Childhood Memory Spaces: How Enduring Memories of Childhood Places Shape Our Lives explores the places adults remember from their childhood. More specifically, it examines the questions "what kinds of places do we remember?" and "why do they linger in our memories?". The answers emerge from a variety of sources, including scholarship in cognitive science, environmental psychology, geography, communication, etc., but they are illustrated primarily through the over 100 stories told by adults who still vividly recall the places where key facets of their identity developed. Those stories reveal both that the answers are significantly more complex than one academic perspective can explain and that profoundly personal narratives can highlight their complexity in ways that scientific and social scientific research alone cannot.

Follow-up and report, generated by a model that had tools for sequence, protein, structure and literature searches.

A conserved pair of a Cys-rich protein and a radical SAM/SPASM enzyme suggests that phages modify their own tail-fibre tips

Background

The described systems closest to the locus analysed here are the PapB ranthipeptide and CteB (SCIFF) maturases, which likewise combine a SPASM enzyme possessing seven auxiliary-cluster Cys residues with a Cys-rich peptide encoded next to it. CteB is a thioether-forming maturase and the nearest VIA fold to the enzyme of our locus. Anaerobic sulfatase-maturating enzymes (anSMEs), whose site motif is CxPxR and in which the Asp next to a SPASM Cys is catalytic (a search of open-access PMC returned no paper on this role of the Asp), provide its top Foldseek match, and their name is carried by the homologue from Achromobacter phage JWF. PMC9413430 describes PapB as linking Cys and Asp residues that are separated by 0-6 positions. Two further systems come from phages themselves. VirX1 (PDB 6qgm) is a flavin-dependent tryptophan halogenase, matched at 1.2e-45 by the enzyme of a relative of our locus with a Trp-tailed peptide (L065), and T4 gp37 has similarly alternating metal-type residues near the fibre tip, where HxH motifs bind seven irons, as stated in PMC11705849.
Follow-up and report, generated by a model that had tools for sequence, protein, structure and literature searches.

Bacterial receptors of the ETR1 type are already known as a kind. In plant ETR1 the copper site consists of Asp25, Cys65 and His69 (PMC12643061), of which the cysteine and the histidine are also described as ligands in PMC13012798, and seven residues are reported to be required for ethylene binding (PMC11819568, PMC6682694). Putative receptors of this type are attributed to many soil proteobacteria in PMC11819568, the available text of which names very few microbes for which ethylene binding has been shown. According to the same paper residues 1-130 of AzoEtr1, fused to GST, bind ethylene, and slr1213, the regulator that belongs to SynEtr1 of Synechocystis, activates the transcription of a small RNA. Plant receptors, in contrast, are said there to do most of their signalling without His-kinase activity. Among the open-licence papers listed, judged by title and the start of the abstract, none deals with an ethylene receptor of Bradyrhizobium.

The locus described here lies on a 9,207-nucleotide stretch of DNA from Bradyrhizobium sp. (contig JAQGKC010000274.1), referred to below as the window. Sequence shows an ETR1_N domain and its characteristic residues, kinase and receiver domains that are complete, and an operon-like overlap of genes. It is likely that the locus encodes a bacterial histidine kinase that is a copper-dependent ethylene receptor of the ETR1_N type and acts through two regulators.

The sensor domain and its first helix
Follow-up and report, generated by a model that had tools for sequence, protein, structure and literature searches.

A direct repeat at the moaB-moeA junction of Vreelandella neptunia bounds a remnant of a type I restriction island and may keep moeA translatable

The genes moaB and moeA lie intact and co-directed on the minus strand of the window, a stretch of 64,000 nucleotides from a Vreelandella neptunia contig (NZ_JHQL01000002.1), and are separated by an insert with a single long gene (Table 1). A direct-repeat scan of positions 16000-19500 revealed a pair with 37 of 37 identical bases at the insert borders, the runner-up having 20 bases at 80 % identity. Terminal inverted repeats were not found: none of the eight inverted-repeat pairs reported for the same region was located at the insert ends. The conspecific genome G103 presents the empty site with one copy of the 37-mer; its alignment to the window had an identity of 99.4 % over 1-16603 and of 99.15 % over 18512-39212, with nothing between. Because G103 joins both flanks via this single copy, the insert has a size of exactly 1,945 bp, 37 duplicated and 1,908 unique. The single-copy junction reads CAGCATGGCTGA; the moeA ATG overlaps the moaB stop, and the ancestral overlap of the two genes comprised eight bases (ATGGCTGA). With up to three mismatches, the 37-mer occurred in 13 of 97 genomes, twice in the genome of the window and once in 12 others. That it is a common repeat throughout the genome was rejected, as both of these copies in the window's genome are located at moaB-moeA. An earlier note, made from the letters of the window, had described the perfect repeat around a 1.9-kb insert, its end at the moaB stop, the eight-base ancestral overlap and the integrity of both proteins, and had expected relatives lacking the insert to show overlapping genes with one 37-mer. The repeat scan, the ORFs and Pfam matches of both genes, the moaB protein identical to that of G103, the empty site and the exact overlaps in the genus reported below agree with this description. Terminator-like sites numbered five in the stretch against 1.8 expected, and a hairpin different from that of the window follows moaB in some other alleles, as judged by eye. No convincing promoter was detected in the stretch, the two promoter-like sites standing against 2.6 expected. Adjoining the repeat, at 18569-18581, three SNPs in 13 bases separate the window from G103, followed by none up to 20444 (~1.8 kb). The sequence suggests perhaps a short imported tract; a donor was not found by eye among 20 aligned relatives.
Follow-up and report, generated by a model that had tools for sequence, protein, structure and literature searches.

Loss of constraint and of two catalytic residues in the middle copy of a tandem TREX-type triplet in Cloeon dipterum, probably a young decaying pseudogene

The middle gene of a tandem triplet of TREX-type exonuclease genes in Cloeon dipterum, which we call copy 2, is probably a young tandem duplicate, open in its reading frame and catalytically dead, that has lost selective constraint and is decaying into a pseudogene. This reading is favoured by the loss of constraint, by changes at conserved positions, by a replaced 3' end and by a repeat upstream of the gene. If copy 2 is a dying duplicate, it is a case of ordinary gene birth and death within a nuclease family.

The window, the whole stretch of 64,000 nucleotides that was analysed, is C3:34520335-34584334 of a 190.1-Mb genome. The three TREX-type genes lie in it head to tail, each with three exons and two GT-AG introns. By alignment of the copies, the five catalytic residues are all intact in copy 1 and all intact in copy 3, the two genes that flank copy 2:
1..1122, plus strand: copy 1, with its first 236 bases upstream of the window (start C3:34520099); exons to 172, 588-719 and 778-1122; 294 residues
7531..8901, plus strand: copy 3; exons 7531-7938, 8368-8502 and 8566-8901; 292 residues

This book meets a need to integrate related, yet independent, lines of research in the natural and social sciences—doing so with a decidedly humanistic touch. Specifically, the book offers an interdisciplinary exploration of how place, memory, and identity intersect as we craft our life stories while seeking what Kenneth Burke called equipment for living with the challenges that life presents along the way.
Weaving theory with personal narratives, Childhood Memory Spaces underscores a fundamental relationship: the stories of our lives are entwined with place, and we understand these stories (and ourselves) by reflecting upon the ways in which these memorable places have shaped, and continue to shape, our lives.